A: Yes. The users of style indexes put turnover high on their lists of concerns during our consultations. FTSE's Global Style methodology limits turnover, or movement of capitalization between style categories, in three ways. First, the multi-factor approach, with the use of 9 distinct variables, adds stability to the value/growth outcomes at review dates. Second, FTSE's banding structure, which determines the allocation of a company's capitalization between value and growth, also acts as a buffer zone to keep companies from dramatically shifting between categories. Lastly, bi-annual reviews of the style variables avoids the "big bang" effect that is common in indices that just do annual reviews. Users also recognize that major changes in a company's business and financial characteristics will impact its style rating, and this should be recognized in style indexes as well. During our market consultations, concerns were not focused on specific sector or regional turnover, but rather on keeping overall index turnover down. We think our methodology has achieved a reasonable balance that keeps turnover to a minimum, but adequately reflects market conditions.

Q: It seems one of the major challenges for index providers is to balance index completeness (and accuracy) against investability. Can you explain how this relates to style indexes?[/:Author:]
A: This is a challenge, and style adds its own wrinkles. In terms of style indexes, a user would want to be sure that the starting point is an index which already has balanced completeness of coverage and investability - like FTSE's World Index, which is the basis for our Global Style Index Series. The style "wrinkles" are achieving the best way to determine style. For example, do the metrics and methodology produce an accurate representation of style? We needed to find the right way to allocate capitalization between value and growth indexes, since it was important to users that all the FTSE World Index's capitalization be represented in the Style indexes, with no exclusions and no overlaps. There's also the search for the best way to manage the indexes and to maintain accurate style representation, while limiting turnover as much as possible.

Q: In his article on index methodology, Vanguard index fund manager Gus Sauter said index providers should let active managers do the work. I think another way of saying this is that it's active managers themselves who determine what style is, and indexes should reflect that process (rather than setting up arbitrary boundaries). Is that reasoning reflected in the new style index methodology?[/:Author:]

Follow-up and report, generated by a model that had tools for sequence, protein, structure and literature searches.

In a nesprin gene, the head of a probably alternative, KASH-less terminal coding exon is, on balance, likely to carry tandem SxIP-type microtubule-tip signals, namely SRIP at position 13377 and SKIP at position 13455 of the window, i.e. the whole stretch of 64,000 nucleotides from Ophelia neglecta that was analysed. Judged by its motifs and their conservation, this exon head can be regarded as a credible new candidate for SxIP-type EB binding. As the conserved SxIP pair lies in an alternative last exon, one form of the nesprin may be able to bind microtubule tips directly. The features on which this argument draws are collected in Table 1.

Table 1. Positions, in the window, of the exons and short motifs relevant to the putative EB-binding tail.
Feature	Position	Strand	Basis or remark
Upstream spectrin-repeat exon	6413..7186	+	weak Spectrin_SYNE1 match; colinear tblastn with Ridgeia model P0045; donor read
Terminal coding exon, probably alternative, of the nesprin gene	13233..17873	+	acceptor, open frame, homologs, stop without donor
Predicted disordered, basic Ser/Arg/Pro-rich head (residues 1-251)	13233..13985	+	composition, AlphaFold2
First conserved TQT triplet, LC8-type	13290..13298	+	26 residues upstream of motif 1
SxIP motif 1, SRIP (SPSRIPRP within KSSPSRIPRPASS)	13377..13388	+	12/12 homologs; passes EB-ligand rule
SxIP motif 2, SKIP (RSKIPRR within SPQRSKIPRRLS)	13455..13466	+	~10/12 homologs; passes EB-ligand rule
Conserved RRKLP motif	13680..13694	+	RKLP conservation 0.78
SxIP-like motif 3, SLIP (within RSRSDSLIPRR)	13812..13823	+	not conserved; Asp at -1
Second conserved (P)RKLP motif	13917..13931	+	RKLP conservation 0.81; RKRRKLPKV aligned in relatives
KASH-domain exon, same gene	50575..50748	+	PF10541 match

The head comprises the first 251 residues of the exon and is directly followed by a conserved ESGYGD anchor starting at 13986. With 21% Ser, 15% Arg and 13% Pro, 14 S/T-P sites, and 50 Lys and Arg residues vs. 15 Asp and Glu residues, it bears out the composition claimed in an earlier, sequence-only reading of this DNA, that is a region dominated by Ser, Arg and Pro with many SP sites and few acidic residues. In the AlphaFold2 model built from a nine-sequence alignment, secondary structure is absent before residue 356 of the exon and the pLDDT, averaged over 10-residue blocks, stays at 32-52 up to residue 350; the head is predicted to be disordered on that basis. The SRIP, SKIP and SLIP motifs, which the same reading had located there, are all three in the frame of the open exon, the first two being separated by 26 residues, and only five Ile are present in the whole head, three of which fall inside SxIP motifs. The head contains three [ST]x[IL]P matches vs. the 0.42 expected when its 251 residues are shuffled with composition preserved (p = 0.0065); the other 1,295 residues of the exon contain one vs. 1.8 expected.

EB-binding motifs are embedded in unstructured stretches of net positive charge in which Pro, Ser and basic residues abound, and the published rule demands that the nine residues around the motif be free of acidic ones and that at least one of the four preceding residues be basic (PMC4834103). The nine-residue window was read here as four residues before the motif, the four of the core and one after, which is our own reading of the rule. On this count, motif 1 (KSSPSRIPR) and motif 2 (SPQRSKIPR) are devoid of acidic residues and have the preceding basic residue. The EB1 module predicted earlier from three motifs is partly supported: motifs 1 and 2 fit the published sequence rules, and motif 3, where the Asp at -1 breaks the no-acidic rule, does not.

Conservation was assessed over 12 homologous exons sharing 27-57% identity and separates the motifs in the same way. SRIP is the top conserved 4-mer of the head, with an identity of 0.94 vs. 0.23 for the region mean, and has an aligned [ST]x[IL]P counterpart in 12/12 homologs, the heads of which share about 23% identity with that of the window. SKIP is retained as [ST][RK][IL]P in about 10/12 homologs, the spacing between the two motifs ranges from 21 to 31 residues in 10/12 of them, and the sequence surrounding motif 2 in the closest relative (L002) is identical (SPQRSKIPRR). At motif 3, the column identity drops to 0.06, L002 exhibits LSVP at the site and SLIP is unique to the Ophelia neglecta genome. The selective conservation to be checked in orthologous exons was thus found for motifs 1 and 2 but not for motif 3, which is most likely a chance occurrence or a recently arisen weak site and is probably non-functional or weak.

A: To respond in the spirit of Mr. Sauter's article, yes and no. Yes, in the sense that FTSE spent a lot of time with style index users, who made us well aware that a value stock can also be a growth stock, and some stocks are neither value nor growth, and that two investors can see things differently and for very good reasons. No, in the sense that active managers have their own proprietary approaches to determining style and managing portfolios, and we can produce only one value and one growth benchmark series. However, index customization is our specialty and we anticipate a lot of requests to look at style differently.

Q: How often are the style indexes rebalanced? Have you done any research on the optimal frequency for rebalancing, for example quarterly vs. semiannually?[/:Author:]
A: Most style indexes are rebalanced - that is, reviewed for stocks' style characteristics - once or twice a year. For a multi-country style index like the FTSE Global Style Index Series, twice a year is probably the most frequent basis on which it can be done, as new financial data aren't commonly available more than twice a year. As for optimal frequency, once a year - or longer - tends to produce a "big bang" effect, so we selected semiannual frequency.